Directed by Erik Poppe
Starring Juliette Binoche, Nikolaj Coster-Waldau, Lauryn Canny
It’s hard to fathom how a film about a driven photojournalist wrestling with balancing their dangerous job with the demands and desires associated with their family life can come across as boring, but director Erik Poppe, himself a former conflict photojournalist, somehow pulls it off. This Irish-Norwegian co-production should be an engaging, heartfelt and challenging piece on the role of journalism in war and the sacrifices correspondents must make or, at least, be prepared to make. Instead, it’s a dreary domestic drama.
French icon Juliette Binoche is journalist Rebecca who, after being injured in the line of duty, returns to her home and family in Ireland. Her marine biologist husband, Marcus (Nikolaj Coster-Waldau) is sick of the endless emotional strain her job places on the family, as are her two daughters, and so Rebecca resolves to refrain from venturing into danger any more. However, the lure of her profession is never far away.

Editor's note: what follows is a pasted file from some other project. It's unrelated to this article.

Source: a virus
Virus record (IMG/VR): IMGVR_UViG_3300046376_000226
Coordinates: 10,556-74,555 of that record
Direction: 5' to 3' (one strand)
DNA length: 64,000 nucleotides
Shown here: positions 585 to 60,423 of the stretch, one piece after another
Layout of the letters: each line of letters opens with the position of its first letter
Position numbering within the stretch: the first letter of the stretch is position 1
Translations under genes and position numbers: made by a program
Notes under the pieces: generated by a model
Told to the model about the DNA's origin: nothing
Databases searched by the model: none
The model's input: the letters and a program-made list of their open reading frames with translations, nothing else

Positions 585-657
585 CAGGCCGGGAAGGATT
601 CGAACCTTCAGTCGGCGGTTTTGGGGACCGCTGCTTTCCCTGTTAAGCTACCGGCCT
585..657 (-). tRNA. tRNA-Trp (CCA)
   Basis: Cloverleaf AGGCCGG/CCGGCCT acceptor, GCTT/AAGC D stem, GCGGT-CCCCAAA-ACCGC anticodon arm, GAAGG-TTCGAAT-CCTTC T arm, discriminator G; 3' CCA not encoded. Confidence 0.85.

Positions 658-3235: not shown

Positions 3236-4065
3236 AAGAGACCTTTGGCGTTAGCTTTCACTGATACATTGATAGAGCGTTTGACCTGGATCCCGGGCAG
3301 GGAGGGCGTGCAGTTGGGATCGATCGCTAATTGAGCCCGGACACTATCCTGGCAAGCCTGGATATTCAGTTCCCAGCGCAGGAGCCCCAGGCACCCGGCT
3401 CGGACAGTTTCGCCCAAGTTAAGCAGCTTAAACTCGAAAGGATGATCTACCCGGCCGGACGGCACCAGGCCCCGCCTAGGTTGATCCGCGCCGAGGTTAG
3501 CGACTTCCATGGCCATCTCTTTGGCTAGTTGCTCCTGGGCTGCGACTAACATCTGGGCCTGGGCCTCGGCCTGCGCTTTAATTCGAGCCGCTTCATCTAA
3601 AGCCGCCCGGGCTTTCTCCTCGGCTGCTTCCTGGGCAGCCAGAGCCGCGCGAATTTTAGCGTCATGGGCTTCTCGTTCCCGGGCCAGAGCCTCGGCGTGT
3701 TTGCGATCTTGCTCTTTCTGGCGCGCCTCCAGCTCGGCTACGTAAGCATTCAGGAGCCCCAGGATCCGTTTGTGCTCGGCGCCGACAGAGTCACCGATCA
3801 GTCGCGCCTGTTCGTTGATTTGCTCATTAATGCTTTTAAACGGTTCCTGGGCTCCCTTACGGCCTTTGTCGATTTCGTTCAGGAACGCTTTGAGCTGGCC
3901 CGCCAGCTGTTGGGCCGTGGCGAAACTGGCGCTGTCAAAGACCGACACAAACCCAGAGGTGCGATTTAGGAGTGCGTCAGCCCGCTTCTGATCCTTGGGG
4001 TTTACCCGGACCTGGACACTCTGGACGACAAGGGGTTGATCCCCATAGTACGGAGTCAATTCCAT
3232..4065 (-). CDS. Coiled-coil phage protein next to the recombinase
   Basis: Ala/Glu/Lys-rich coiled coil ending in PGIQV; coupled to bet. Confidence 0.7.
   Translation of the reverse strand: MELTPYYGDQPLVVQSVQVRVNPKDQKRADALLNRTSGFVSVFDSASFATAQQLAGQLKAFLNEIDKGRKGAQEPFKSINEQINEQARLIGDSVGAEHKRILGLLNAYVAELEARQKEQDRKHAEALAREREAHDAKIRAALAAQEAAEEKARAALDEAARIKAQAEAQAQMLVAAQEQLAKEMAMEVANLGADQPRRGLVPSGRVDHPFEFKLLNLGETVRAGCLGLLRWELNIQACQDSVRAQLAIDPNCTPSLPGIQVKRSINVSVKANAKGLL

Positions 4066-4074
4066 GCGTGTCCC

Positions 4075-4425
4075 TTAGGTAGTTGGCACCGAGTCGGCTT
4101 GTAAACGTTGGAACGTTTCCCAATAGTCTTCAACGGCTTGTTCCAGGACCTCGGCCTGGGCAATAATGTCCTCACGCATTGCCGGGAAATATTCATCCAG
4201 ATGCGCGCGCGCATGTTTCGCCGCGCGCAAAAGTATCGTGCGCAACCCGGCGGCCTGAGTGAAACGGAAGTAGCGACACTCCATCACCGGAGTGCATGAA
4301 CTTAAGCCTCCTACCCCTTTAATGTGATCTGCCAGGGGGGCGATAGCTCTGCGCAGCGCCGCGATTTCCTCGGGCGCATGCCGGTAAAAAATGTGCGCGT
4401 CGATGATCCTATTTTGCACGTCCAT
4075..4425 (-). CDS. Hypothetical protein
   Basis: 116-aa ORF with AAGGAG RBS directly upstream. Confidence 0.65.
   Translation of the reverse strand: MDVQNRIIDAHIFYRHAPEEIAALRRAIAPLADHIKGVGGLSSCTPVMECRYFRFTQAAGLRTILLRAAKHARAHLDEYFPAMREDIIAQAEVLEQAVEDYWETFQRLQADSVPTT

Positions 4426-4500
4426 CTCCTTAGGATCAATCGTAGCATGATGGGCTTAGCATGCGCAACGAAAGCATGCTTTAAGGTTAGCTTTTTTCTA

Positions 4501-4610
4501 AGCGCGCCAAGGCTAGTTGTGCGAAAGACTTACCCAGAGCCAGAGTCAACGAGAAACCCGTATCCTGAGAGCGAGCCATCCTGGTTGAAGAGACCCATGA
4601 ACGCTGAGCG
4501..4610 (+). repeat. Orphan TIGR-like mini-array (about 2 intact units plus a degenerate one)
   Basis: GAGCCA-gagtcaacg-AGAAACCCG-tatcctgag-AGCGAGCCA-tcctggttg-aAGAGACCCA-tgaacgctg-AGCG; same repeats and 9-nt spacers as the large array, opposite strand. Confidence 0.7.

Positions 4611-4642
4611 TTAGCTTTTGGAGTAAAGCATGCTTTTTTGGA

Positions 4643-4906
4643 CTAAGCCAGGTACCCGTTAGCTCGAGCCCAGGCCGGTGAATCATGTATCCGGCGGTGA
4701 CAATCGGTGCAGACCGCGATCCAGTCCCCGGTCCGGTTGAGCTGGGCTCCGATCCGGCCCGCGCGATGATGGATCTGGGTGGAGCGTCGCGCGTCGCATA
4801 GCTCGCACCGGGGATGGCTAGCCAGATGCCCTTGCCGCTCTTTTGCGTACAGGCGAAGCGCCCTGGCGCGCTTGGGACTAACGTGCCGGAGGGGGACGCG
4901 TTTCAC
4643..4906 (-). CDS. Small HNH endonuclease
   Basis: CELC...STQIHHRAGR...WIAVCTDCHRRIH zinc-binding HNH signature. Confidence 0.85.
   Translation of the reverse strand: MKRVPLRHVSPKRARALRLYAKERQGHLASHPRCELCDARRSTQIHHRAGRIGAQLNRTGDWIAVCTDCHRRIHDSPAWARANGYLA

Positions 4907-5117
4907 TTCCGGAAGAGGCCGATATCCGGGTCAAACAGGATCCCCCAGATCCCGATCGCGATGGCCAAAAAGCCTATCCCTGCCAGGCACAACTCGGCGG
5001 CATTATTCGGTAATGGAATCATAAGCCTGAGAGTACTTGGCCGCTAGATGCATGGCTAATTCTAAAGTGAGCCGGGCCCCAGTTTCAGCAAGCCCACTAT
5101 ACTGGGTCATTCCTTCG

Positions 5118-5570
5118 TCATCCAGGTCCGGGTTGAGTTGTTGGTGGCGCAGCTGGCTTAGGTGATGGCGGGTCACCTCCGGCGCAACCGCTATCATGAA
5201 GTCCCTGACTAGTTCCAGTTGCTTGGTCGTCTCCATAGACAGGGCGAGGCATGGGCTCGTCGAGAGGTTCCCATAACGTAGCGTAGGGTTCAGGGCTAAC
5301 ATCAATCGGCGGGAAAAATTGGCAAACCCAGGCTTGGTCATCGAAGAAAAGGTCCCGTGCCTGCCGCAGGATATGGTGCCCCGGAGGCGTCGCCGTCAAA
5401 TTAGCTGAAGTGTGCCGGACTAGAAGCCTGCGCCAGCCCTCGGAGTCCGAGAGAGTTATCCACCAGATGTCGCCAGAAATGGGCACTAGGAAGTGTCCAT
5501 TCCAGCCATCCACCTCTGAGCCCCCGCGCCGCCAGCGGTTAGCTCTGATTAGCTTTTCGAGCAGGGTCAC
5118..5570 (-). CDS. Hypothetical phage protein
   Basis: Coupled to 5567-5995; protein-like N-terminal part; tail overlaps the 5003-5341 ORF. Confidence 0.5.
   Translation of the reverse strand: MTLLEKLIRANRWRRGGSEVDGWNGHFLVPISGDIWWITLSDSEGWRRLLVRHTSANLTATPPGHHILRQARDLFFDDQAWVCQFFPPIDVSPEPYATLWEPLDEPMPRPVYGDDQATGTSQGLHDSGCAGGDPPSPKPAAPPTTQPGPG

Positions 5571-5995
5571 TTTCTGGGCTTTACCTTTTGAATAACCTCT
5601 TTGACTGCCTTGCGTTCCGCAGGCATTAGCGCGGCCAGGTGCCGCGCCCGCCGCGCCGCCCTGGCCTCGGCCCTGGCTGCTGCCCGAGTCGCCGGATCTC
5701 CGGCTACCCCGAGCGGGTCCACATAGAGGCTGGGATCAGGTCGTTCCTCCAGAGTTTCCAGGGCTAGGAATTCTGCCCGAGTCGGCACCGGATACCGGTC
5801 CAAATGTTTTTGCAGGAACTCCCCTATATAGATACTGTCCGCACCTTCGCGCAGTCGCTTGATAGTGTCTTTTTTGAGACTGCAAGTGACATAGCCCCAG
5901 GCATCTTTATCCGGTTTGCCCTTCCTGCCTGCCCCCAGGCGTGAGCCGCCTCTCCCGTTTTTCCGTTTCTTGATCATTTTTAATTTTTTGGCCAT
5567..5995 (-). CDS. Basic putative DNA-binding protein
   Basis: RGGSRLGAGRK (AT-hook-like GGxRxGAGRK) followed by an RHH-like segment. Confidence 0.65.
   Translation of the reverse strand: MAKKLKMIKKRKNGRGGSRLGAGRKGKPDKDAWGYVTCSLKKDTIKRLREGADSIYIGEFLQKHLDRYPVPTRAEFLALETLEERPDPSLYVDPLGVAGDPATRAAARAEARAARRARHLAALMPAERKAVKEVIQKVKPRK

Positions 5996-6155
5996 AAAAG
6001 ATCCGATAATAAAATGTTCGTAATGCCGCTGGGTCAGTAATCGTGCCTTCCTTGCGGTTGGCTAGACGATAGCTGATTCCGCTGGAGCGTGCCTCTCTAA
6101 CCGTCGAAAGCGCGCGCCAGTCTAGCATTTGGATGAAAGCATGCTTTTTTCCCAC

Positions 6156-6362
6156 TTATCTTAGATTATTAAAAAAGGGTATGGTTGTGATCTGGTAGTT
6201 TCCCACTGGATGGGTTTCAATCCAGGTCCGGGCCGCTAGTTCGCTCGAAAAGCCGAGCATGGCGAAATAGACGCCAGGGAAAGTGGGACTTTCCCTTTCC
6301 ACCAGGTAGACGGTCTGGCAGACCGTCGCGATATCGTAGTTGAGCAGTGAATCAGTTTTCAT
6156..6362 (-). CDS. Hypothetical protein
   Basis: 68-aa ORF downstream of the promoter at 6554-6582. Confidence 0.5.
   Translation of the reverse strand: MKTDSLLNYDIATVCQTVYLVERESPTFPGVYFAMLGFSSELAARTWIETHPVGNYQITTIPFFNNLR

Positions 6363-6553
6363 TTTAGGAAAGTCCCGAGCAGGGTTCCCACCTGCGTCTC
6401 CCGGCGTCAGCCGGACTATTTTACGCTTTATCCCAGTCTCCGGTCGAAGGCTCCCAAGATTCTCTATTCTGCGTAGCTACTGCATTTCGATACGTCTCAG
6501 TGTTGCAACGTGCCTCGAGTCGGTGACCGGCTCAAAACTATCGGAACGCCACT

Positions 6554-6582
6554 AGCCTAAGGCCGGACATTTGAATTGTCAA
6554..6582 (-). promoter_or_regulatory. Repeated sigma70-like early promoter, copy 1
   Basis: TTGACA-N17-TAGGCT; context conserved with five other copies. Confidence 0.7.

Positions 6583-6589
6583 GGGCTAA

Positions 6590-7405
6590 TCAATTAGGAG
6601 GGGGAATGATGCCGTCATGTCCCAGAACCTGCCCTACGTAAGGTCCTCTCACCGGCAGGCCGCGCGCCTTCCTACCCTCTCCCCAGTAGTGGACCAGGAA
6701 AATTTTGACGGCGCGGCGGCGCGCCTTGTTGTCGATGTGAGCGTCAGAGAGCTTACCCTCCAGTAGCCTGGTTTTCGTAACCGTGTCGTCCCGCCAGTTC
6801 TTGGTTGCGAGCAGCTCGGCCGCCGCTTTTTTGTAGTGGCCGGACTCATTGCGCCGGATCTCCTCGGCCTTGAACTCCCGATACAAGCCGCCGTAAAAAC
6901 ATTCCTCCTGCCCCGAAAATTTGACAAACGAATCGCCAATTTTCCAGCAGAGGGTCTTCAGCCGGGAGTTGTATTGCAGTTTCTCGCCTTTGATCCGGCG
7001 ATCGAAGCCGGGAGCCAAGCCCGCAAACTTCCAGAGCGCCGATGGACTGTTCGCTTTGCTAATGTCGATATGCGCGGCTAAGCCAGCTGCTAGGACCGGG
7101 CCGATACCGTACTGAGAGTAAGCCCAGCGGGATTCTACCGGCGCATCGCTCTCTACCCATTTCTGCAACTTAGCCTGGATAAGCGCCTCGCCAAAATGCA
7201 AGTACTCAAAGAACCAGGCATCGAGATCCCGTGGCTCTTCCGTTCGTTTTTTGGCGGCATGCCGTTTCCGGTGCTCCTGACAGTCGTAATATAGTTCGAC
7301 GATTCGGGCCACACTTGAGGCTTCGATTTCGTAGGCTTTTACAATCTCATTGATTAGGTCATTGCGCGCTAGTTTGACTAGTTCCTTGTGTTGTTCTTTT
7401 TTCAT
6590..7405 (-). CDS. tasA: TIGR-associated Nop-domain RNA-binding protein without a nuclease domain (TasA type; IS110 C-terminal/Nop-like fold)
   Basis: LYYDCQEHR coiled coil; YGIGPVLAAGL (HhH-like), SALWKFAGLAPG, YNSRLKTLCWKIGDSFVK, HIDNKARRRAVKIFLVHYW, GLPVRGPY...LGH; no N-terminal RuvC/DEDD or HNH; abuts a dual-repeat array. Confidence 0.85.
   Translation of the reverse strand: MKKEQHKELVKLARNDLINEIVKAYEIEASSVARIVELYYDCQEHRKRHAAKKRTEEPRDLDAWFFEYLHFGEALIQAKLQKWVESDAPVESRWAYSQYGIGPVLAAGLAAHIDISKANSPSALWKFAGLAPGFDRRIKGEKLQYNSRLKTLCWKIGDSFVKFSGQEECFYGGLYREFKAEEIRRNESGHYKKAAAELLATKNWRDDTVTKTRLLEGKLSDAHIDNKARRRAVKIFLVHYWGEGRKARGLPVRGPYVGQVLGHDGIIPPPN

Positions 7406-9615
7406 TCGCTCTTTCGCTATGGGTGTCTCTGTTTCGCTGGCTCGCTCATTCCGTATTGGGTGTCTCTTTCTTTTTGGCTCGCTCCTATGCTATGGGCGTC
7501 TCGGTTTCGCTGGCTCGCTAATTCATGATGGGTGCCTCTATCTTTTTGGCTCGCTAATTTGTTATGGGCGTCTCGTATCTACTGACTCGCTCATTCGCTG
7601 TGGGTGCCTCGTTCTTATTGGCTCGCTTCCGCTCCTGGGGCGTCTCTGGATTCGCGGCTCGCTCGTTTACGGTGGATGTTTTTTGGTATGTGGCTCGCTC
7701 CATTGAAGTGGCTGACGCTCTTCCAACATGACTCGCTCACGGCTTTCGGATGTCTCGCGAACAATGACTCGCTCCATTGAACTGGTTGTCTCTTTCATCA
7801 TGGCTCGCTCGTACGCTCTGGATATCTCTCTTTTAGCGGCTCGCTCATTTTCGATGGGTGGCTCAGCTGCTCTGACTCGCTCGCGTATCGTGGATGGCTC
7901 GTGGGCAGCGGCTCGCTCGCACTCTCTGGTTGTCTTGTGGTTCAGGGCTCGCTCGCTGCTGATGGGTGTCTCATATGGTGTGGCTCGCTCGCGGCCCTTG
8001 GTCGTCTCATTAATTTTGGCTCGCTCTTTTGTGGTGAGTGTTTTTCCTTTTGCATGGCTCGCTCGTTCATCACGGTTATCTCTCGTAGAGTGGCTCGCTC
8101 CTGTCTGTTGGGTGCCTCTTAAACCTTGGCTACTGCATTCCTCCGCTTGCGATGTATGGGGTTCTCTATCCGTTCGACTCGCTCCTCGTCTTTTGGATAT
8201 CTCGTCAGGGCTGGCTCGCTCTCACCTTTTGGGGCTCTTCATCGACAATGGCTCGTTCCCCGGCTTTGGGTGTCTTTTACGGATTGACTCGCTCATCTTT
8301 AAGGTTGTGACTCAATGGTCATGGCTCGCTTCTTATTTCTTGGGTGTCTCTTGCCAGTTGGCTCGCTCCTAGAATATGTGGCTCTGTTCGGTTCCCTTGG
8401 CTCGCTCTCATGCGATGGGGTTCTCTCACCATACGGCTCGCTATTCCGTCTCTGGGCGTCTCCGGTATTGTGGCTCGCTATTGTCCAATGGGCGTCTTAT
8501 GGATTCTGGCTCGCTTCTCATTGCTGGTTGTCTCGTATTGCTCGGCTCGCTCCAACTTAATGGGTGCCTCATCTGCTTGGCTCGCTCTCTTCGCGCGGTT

A Thousand Times Good Night starts with a bravura opening sequence in which Rebecca photographs the preparations of a young, female suicide bomber in Kabul. Incredibly tense and almost completely free of dialogue, it’s a fantastic piece of filmmaking that builds to an almost unbearable level of dread and foreboding.
After that, though, we’re into a leaden scenario where beautiful, wealthy people mope around their picturesque, semi-rural home, talking circumspectly about their points of difference while never giving us, as viewers, much of interest to latch onto. A midpoint sequence where Rebecca takes her eldest daughter, Steph (Lauryn Canny) on an expedition to a Kenyan refugee camp injects some colour and life, as well as providing some fuel for the second half of the plot, but it’s all to little effect.
The problem is that Poppe’s film has little to say about its subject. Rebecca’s motives in pursuing her dangerous career are poorly explored, save for some lip service to her being motivated by anger. Similarly, her relationship with her husband is lightly sketched. For sure, this is Nikolaj Coster-Waldau in full-on sensitive hunk mode, but we get little sense of how or why these two people came together, or why – children apart – they should remain so. Poppe chooses to foreground Rebecca’s relationships rather than her work, an approach that could have been novel, but in execution it’s hard to justify why.
Although the cast do good work and the film is handsomely shot and competently assembled, A Thousand Times Good Night fails to connect in any meaningful way. A weak film about a worthy subject, it combines timidity of opinion with self-importance, resulting in an eminently forgettable cinematic experience. Skip it.